All of the above industries were chosen by the state for development and were also under its close governance. Under a comparative advantage hypothesis, none of the above capital-intensive industries were likely candidates for success, given Russia’s then economic and technological backwardness. Gerschenkron hypothesized that the motivation for the Tsarist industrialization plan was to provide industrial support to develop a modern military. If Gerschenkron’s hypothesis is correct, then direct state involvement in industrialization is not a temporary phenomenon as the case in many countries, but a more permanent feature of Russian economic model. Thus Tsarist industrial revolution may be a better example of a mercantilist economy spanning Russia’s large contiguous empire area in much the way described by Heckscher’s continental system. It might explain not only the peculiar emphasis in Russia for the capital goods rather than consumer goods industry, but also where such industries may be located, and why some regions are more favoured for industrial development over others.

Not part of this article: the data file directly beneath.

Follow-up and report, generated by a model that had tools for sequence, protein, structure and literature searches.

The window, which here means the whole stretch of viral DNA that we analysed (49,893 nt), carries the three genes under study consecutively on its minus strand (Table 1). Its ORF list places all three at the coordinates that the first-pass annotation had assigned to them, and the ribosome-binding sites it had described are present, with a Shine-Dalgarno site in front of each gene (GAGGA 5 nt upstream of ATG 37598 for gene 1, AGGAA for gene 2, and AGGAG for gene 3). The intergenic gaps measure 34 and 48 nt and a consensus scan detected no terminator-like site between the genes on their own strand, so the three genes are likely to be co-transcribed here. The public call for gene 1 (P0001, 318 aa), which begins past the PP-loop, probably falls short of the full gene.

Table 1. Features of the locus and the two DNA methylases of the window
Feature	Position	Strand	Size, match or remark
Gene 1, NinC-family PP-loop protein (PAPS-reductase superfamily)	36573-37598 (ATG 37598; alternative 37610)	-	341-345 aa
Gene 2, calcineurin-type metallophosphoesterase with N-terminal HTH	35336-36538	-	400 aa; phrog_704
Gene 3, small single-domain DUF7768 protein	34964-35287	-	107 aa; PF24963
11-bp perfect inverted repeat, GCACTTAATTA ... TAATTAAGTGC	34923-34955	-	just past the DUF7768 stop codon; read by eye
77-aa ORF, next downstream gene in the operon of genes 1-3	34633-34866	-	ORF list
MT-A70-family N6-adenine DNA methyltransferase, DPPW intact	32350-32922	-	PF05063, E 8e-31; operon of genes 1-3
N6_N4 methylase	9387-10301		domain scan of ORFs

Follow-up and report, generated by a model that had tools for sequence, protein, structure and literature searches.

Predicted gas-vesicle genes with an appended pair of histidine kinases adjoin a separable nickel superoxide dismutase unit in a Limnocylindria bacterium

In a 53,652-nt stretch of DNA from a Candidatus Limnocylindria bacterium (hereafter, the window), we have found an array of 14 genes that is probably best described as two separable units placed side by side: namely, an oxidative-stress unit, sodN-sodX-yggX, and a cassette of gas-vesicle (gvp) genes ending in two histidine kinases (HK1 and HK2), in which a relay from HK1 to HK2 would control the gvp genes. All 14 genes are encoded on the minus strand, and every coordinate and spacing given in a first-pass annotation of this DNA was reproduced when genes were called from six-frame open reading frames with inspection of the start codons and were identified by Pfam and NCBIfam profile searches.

Degree Algorithms: Equity and Grade inflation

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In his recent working paper Dave Allen highlights the substantial differences in the way that university degree calculations can be made.

The algorithms UK universities use to calculate a student’s final degree outcome can be complex and sometimes counter-intuitive; some commentators suggest that they have contributed to ‘classification inflation’ across the UK higher education sector. A less well understood concern is that the variety in algorithms potentially means the same set of marks can be awarded a different classification depending on what university the student attended.

The 17 questions and answers below aim to clarify the issue.

1.         Is grade inflation happening?